Cancer Causes & Control

, Volume 13, Issue 7, pp 637–645 | Cite as

Cigarette smoking, glutathione-S-transferase M1 and T1 genetic polymorphisms, and breast cancer risk (United States)

  • Tongzhang Zheng
  • Theodore R. Holford
  • Shelia H. Zahm
  • Patricia H. Owens
  • Peter Boyle
  • Yawei Zhang
  • John Pierce WiseSr.
  • Lisa Pleasants Stephenson
  • Francis Ali-Osman


Objective: It has been suggested that functional polymorphisms in genes encoding tobacco carcinogen-metabolizing enzymes may modify the relationship between tobacco smoking and breast cancer risk. We sought to determine if there is a gene–environment interaction between GSTM1 (GSTM1A and GSTM1B), and GSTT1 genotypes and cigarette smoking in the risk of breast cancer. Methods: Cases and controls were recruited in a case–control study conducted in Connecticut from 1994 to 1998. Cases were histologically confirmed, incident breast cancer patients, and controls were randomly selected from women histologically confirmed to be without breast cancer. A total of 338 cases and 345 controls were genotyped for GSTM1 and GSTT1. Results: None of the GSTM1 genotypes, either alone or in combination with cigarette smoking, was associated with breast cancer risk. There was, however, a significantly increased risk of breast cancer among postmenopausal women with a GSTT1 null genotype (OR = 1.9, 95% CI 1.2–2.9). There were also indications of increased risk of breast cancer associated with cigarette smoking for postmenopausal women with GSTT1-null genotype, especially for those who commenced smoking before age 18 (OR = 2.9, 95% CI 1.0–8.8). Conclusion: Women with a GSTT1-null genotype may have an increased breast cancer risk, especially postmenopausal women who started smoking at younger ages.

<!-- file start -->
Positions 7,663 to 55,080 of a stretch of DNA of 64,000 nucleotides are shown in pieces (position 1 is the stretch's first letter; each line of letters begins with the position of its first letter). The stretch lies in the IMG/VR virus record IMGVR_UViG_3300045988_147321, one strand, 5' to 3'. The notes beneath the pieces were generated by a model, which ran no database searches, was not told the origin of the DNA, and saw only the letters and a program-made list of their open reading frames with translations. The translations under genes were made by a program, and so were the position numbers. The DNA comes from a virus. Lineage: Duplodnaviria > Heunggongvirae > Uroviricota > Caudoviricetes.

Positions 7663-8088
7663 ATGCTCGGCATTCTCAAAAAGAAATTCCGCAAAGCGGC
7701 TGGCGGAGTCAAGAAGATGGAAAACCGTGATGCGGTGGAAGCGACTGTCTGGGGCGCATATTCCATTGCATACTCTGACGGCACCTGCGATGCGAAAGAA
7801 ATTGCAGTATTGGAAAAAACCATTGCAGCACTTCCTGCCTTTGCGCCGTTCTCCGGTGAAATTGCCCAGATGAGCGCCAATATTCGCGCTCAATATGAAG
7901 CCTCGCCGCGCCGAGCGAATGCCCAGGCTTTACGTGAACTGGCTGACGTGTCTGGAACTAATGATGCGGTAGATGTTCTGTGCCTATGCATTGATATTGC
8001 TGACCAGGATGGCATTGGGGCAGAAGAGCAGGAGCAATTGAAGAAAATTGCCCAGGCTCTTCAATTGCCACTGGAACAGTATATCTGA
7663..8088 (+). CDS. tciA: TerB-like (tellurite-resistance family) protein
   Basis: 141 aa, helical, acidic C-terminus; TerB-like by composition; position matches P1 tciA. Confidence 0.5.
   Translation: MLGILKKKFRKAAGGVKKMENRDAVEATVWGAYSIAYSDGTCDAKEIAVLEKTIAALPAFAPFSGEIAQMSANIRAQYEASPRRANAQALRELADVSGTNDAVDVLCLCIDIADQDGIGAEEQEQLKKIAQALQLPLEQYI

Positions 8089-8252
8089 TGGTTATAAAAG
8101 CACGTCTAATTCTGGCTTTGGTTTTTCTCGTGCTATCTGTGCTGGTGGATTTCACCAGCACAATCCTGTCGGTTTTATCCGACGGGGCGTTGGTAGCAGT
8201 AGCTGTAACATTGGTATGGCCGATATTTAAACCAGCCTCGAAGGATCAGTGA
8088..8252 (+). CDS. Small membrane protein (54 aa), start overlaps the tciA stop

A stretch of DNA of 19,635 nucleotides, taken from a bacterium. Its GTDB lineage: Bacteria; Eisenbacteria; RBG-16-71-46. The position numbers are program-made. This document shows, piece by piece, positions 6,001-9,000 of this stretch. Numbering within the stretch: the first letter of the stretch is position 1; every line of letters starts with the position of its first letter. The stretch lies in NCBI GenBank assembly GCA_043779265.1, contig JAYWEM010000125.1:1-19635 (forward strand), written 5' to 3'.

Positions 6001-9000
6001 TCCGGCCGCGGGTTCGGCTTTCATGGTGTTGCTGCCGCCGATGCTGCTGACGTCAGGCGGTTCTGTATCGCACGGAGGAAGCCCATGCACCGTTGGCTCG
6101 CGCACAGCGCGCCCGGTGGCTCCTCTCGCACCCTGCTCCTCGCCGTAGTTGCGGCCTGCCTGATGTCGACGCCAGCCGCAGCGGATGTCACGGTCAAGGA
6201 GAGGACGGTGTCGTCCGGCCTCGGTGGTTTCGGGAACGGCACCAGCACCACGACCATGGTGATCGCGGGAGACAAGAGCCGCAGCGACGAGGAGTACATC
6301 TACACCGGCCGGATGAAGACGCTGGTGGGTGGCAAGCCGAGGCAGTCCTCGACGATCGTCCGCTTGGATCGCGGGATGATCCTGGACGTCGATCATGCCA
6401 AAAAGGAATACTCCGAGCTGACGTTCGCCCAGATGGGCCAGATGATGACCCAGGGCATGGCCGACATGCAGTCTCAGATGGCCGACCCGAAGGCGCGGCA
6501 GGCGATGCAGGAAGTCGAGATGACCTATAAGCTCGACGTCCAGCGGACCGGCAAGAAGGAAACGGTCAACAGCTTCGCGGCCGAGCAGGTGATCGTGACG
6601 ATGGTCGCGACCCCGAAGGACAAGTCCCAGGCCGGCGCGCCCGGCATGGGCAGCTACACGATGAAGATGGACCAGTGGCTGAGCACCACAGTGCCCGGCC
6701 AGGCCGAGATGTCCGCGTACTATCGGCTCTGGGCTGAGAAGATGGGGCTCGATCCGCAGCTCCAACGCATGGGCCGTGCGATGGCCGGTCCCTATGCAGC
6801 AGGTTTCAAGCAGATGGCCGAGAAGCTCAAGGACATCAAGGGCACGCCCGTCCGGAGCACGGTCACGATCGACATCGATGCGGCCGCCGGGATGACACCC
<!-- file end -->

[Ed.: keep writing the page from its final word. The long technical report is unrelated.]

breast cancer case–control cigarette smoking GSTM1 GSTT1 


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Copyright information

© Kluwer Academic Publishers 2002

Authors and Affiliations

  • Tongzhang Zheng
    • 1
    • 2
  • Theodore R. Holford
    • 1
  • Shelia H. Zahm
    • 3
  • Patricia H. Owens
    • 1
  • Peter Boyle
    • 4
  • Yawei Zhang
    • 1
  • John Pierce WiseSr.
    • 1
  • Lisa Pleasants Stephenson
    • 5
  • Francis Ali-Osman
    • 5
  1. 1.Department of Epidemiology and Public HealthYale University School of MedicineNew HavenUSA
  2. 2.New HavenUSA
  3. 3.Division of Cancer Epidemiology and GeneticsNational Cancer InstituteBethesdaUSA
  4. 4.Department of Epidemiology and BiostatisticsEuropean Institute of OncologyMilanItaly
  5. 5.Department of NeurosurgeryUniversity of Texas at M. D. Anderson Cancer CenterHoustonUSA

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